MAVROS & KANAKIS
Two greek surnames rather misterious fro me.
It is possible to find them in USA.
Could anyone tell me the meaning?

Thank you
Tags:  Kanakis, Mavros
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Replies

On KanakisIndeed, Mavros is "black" in Greek.
"Kanakis" is a bit more obscure. It means "caress" particularly when applied to a child or infant. It is derived from the ancient Greek "kanachi" (êáíá÷Þ) meaning the sound of metals and musical organs. The Latin word "cano" is derived from "kanachi" -- this gave birth to words such as "chanter" (french), "cantar" (Spanish) (all meaning to sing) and bizzare way also produced the German "hahn" (rooster) and the English Hen :)
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How do you pronounce Kanake (and I don't mean Kanakis)?
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According to the Greek Lexicon of Hesychius of Alexandria (5th century A.D.?), the word Kanakis is synonymous with Xiphos (a short bladed sword). See http://www.perseus.tufts.edu/cgi-bin/resolveform?lang=Greek
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Kanakis is obviously related to Akinakis (pl. Akinakes), 'sword' and Turkish Kana, 'dagger'. The use of this weapon in battle is thought to be a Scythian or Persian innovation, so perhaps the name derives from a Scythian or Persian word.
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The Greek words "kanakis", "akis", etc (which refer to "a pointy edge") are all of feminine gender and end with an iota. (ÁÊÉÓ, ÊÁÍÁÊÉÓ in case you can see Greek fonts). However the *name* Kanakis -- whick is relateä, áó ìåíôéïíåä áâïâå, to KANAXH - ends with an eta.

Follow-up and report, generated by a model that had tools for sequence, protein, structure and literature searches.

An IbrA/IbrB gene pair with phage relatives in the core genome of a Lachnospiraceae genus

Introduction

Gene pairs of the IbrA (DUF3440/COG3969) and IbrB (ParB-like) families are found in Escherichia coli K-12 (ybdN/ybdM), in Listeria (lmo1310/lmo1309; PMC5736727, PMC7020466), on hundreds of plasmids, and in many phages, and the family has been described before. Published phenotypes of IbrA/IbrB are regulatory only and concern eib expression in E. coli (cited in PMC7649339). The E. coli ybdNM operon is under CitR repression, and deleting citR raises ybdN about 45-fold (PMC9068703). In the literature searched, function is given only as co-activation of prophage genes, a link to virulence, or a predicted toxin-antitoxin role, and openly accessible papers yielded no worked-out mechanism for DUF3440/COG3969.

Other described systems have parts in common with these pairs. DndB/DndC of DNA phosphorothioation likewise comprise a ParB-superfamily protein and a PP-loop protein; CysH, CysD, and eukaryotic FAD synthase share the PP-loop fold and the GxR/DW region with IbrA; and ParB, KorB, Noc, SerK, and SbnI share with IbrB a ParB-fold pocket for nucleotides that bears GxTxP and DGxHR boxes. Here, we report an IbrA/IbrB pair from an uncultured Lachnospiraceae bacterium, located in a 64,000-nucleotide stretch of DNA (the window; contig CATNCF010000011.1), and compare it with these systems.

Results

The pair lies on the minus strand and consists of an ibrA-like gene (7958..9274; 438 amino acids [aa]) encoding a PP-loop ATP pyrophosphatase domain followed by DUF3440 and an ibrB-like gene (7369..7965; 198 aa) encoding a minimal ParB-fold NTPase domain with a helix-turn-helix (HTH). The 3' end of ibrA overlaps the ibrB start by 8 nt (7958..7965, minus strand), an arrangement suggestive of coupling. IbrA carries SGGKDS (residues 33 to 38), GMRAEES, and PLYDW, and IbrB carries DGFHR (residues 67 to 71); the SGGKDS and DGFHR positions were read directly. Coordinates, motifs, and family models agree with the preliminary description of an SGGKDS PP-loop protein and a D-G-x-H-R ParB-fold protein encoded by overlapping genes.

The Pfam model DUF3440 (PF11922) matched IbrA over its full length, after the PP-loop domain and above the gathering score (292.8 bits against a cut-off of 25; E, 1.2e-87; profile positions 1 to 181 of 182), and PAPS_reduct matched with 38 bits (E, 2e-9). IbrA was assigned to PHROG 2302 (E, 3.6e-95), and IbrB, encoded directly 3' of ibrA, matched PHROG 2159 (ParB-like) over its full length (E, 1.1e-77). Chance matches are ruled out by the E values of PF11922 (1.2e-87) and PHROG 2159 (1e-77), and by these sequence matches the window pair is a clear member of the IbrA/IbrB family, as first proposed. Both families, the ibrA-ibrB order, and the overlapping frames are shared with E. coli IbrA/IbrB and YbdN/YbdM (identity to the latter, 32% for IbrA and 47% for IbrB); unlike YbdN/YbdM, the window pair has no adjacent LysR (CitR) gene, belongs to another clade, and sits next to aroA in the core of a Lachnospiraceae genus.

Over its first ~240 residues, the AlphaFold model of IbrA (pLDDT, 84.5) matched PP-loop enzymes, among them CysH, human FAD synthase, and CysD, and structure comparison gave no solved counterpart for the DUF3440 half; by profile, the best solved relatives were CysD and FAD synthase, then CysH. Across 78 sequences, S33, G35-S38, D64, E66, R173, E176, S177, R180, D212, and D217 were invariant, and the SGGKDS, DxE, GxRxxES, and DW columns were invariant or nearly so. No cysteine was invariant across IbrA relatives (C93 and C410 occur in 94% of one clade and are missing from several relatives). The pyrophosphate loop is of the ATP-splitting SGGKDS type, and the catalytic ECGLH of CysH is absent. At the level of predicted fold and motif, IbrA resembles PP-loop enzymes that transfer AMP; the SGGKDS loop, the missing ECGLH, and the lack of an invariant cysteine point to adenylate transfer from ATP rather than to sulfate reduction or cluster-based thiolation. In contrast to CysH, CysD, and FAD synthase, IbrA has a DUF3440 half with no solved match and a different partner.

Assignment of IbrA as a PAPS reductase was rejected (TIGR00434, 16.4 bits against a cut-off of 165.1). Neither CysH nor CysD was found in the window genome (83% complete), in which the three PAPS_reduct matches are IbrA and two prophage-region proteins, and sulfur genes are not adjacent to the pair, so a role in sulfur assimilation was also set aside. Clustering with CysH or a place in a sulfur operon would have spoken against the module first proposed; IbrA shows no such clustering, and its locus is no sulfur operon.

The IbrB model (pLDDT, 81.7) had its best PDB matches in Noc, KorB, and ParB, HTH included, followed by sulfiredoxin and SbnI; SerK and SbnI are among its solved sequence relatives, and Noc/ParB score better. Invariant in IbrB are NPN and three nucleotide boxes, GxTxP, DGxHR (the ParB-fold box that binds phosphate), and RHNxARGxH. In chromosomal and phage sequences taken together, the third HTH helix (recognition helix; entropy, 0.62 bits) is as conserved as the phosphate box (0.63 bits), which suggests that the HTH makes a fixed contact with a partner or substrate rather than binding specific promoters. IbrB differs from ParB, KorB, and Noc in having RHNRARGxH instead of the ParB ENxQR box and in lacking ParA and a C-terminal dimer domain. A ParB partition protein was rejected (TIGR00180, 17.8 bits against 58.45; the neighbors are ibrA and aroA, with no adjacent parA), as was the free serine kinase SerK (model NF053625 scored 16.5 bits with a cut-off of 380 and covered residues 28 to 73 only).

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Point taken. But what is KANAXH? (Do you perhaps mean KANAKH or 'Kanake', daughter of Aiolos? If you don't, do you think Kanake and Kanakis are related?).
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Excellent posting ...love the additional derivatives!
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Thanks :)
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Mavros = black
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The word mavros originally referred to natives of Mauretania. Mavros and Latin Maurus may derive ultimately from an ancient North African language. The natural Greek word for the colour black is melas (melanos). I think '(dark as a) Moor' is a more precise interpretation of this surname than just 'black'.
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Melas is indeed a greek work for dark.
However, mavros -- or rather "mauros" or "amauros" -- mean "dimly seen, dim, faint, baffling sight" (as per Liddel-Scott)and was used as a synonym of "black: in classical times. In modern Greek, it certainly meaqns black. The word "Moor" itself is derived from the Latin "Maurus" via the Greek "mauros" as per teh Oxford Englisg Dictionary.
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It looks like I was deceived. The bit about Mavros deriving from an African language is on http://www.takeourword.com/TOW189/page2.html Funny enough, they also mention the Oxford English dictionary as their source. But it's certainly not in the edition I have! I should have been more sceptical, because I did notice that they think that Morocco also derives from Mavros, and it definitely does not...
Regards,
Obie
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